Our son has always been a climber. Even before he could walk he established that pushing books back on the shelves turned a bookcase into a ladder.
Once he woke up in the morning and got out of bed on a mission. He wanted the final piece of his Easter egg which had been placed out of sight and mind, or so we thought, on top of the wardrobe. With complete focus he emptied out his toys from a wooden crate, pushed it to the wardrobe, turned it upside down and then stood on it, looking to the heavens, arms stretched.
Still a good three feet short. He then emptied out his craft things from their box and placed that on top of the crate. Still short. A large full sack was next. Still short. A large lever arch file gave him some valuable inches, however not enough. A book gave him another vital inch, however he was still not there. He was so close, his finger tips reaching the summit but not the treasure. He looked around for something to give him the remaining inch. A pair of shoes….
I was struck by his mindset. Every item, every inch counted whether large or small. He inched forward (up) little by little, focussed on his target. He had no doubt he would make it, he didn’t debate in his mind whether the item in hand was enough, he just knew he needed to get higher with each step up. He flowed from one item to the next undeterred by the enormity of the task.
Recently I was reading an article about climbing in Yosemite National Park, California. I was struck by the free climbers and how much the mind plays in their success. Free climbing is climbing unaided, without equipment or ropes – just climbing shoes, chalk bag and your own belief and ability. These climbers are risking life climbing 2,130 foot walls of granite. Alex Honnold, a world leading free climber, describes the sense of flow he has climbing, flawlessly performing hundreds of precise athletic movements.
For free climbers doubt is dangerous. He describes an instance a few hundred feet from the top of a vertical face of a mountain where the mental fatigue got to him and he snapped out of ‘the zone’. He was paralysed. “My foot will never stay on that” Honnold said to himself. “Oh God, I’m screwed.” His thoughts had taken over.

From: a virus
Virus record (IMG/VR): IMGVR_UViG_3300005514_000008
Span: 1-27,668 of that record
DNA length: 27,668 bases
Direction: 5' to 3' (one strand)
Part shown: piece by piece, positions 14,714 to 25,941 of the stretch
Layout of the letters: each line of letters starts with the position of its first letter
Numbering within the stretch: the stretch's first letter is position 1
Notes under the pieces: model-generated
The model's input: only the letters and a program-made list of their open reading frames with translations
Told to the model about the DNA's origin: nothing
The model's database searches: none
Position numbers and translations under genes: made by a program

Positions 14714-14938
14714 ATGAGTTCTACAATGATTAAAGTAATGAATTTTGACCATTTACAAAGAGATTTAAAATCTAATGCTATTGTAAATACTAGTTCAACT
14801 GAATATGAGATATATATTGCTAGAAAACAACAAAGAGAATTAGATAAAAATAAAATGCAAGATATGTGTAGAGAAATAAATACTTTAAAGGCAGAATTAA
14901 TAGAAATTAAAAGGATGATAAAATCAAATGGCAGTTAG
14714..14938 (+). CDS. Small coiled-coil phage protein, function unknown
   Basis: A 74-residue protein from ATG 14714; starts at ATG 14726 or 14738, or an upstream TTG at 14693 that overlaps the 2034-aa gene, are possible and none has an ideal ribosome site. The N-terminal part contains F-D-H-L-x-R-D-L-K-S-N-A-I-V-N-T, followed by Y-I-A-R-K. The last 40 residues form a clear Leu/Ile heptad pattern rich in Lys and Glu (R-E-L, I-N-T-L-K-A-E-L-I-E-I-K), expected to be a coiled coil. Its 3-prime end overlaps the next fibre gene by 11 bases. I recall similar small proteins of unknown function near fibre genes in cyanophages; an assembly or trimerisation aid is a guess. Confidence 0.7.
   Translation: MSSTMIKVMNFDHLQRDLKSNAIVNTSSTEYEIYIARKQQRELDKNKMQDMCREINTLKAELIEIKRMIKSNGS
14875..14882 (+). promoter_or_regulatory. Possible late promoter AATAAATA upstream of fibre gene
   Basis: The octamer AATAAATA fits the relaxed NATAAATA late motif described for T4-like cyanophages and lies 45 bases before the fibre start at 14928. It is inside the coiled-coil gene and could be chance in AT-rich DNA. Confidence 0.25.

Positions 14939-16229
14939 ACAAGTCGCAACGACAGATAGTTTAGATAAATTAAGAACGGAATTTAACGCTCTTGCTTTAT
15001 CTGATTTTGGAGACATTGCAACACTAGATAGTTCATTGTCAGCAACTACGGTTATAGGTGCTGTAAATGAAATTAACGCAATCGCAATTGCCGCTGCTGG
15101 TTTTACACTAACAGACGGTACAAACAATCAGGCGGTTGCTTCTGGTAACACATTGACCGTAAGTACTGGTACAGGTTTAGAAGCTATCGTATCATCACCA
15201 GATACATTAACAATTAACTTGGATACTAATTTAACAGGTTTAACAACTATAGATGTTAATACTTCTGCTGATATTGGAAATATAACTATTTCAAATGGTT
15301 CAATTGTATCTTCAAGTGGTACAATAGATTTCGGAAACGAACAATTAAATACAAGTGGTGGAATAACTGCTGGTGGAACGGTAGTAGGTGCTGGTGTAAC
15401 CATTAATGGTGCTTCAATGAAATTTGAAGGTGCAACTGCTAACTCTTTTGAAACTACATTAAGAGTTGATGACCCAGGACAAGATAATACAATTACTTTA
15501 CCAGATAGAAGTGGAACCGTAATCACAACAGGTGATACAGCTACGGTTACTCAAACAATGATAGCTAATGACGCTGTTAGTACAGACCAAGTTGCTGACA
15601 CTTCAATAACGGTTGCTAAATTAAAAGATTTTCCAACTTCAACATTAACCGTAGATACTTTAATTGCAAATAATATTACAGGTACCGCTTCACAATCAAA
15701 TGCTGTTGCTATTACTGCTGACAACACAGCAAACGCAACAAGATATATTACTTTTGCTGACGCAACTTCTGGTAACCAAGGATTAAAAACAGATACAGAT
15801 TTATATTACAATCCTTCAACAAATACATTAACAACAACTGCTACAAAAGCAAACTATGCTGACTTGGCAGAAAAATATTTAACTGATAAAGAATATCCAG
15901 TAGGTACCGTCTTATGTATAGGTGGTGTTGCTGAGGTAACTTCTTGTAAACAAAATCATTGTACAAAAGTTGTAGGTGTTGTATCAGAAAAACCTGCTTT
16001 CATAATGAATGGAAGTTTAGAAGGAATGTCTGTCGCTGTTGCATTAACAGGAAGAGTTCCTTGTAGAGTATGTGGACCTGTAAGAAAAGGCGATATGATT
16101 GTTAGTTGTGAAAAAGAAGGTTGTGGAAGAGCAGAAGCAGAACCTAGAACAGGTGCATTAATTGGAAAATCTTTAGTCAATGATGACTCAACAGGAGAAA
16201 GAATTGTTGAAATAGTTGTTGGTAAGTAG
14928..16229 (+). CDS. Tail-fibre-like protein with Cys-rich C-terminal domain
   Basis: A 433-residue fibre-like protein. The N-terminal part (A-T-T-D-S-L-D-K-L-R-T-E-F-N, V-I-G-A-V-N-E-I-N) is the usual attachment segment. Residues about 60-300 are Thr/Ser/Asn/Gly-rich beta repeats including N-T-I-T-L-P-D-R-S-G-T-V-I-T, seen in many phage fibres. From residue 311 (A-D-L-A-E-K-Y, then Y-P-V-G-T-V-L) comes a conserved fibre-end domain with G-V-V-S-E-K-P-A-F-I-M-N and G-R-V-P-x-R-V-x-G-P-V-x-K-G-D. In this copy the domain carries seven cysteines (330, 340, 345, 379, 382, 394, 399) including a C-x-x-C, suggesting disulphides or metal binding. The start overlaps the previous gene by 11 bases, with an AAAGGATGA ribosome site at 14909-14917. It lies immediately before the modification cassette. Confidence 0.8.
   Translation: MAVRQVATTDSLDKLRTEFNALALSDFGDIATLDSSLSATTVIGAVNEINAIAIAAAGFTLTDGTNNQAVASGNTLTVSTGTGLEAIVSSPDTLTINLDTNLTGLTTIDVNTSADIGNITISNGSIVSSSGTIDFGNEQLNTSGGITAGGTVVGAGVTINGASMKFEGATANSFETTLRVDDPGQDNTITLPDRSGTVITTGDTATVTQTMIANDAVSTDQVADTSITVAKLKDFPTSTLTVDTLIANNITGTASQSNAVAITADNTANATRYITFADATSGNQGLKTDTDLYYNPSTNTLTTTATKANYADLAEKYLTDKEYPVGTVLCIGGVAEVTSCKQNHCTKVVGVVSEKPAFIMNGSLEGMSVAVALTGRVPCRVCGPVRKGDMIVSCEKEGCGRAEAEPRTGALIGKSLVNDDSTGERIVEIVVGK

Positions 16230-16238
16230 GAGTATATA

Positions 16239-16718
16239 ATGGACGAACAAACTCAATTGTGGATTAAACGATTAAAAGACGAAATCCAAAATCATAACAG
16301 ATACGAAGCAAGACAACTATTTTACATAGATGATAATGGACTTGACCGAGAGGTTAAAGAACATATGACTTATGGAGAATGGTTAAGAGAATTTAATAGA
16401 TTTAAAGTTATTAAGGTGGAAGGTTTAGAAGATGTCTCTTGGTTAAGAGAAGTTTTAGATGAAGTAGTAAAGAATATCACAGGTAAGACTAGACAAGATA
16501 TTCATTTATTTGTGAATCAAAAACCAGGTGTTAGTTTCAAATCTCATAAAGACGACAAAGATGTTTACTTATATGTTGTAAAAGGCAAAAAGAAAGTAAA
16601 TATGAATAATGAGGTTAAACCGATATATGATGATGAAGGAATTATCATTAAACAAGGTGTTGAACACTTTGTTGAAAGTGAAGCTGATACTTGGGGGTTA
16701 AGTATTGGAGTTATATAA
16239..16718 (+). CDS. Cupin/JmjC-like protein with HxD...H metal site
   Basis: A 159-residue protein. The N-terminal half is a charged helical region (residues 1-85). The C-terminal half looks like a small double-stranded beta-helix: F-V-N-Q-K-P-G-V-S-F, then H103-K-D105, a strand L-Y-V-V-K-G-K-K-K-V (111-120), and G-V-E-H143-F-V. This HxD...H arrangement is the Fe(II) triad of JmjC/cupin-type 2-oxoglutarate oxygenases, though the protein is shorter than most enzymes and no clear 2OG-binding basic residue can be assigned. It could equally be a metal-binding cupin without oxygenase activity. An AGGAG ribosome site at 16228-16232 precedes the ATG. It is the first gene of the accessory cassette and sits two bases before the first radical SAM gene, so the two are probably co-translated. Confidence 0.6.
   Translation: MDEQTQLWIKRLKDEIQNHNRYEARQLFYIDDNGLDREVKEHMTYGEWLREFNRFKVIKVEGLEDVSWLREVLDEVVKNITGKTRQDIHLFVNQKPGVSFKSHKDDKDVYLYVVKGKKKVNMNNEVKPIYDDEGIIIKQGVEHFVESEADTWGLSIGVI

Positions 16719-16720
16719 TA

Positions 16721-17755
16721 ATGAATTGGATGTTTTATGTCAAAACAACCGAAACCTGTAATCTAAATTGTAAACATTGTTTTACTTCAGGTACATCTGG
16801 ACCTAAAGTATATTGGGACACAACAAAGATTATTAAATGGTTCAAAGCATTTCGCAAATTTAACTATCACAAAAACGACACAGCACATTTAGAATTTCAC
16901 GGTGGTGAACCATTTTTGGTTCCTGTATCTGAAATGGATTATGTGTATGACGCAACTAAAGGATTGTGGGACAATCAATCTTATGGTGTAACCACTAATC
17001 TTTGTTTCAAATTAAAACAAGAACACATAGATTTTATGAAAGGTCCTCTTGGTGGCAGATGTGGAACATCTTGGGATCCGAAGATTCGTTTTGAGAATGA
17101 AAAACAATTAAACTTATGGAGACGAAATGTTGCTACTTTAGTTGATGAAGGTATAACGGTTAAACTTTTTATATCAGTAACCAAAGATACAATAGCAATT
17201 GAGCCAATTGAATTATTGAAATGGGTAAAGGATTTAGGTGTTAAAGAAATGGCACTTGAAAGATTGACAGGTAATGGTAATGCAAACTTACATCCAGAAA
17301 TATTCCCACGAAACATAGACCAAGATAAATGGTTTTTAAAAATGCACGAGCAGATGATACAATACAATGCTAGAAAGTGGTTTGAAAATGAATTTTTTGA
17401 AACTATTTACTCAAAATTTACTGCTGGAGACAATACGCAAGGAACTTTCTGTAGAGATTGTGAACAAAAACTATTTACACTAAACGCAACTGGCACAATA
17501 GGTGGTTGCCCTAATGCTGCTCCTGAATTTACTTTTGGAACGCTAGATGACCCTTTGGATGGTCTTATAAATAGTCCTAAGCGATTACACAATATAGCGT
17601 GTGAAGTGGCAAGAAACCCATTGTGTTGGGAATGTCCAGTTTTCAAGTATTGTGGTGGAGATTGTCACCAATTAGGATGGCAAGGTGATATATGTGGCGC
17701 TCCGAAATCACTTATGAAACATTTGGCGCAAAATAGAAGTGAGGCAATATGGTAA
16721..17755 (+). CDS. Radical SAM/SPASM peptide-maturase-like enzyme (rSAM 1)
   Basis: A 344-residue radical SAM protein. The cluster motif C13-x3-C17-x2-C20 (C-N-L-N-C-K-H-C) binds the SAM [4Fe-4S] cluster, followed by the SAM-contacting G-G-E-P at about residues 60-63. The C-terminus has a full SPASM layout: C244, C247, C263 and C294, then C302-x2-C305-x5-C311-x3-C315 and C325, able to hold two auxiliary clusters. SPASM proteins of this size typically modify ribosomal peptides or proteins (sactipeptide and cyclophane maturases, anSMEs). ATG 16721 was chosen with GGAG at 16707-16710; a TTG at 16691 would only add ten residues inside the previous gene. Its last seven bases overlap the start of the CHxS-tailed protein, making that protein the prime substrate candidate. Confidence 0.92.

With a quick adjustment of his foot and hand hold, Honnold was off again. Within minutes he was at the top. “I rallied because there was nothing else I could do” he explained. “I stepped up and trusted that terrible foothold and was freed from the little prison where I’d stood silently for five minutes.”
A prison created by thinking.
In the sports world it is called choking. When we choke we try harder, we concentrate more. We think more to try and get our way back to the sense of flow, peace of mind. Instead of trusting our ability; our intrinsic learning system, our innate wellbeing, the explicit learning system takes over which leads to over thinking.
Could you benefit from letting go of over thinking? You can stop the thinking by focussing on your breathing. Nothing else just your breath. Perhaps put your hand on your heart and direct your breathing to and from your heart.
So did my son make it to the summit? He did, however not after asking for help. Help to empty some even bigger boxes to start a new bigger, more stable tower! There’s another lesson – don’t be afraid to ask for help. We are not alone, we journey together in life.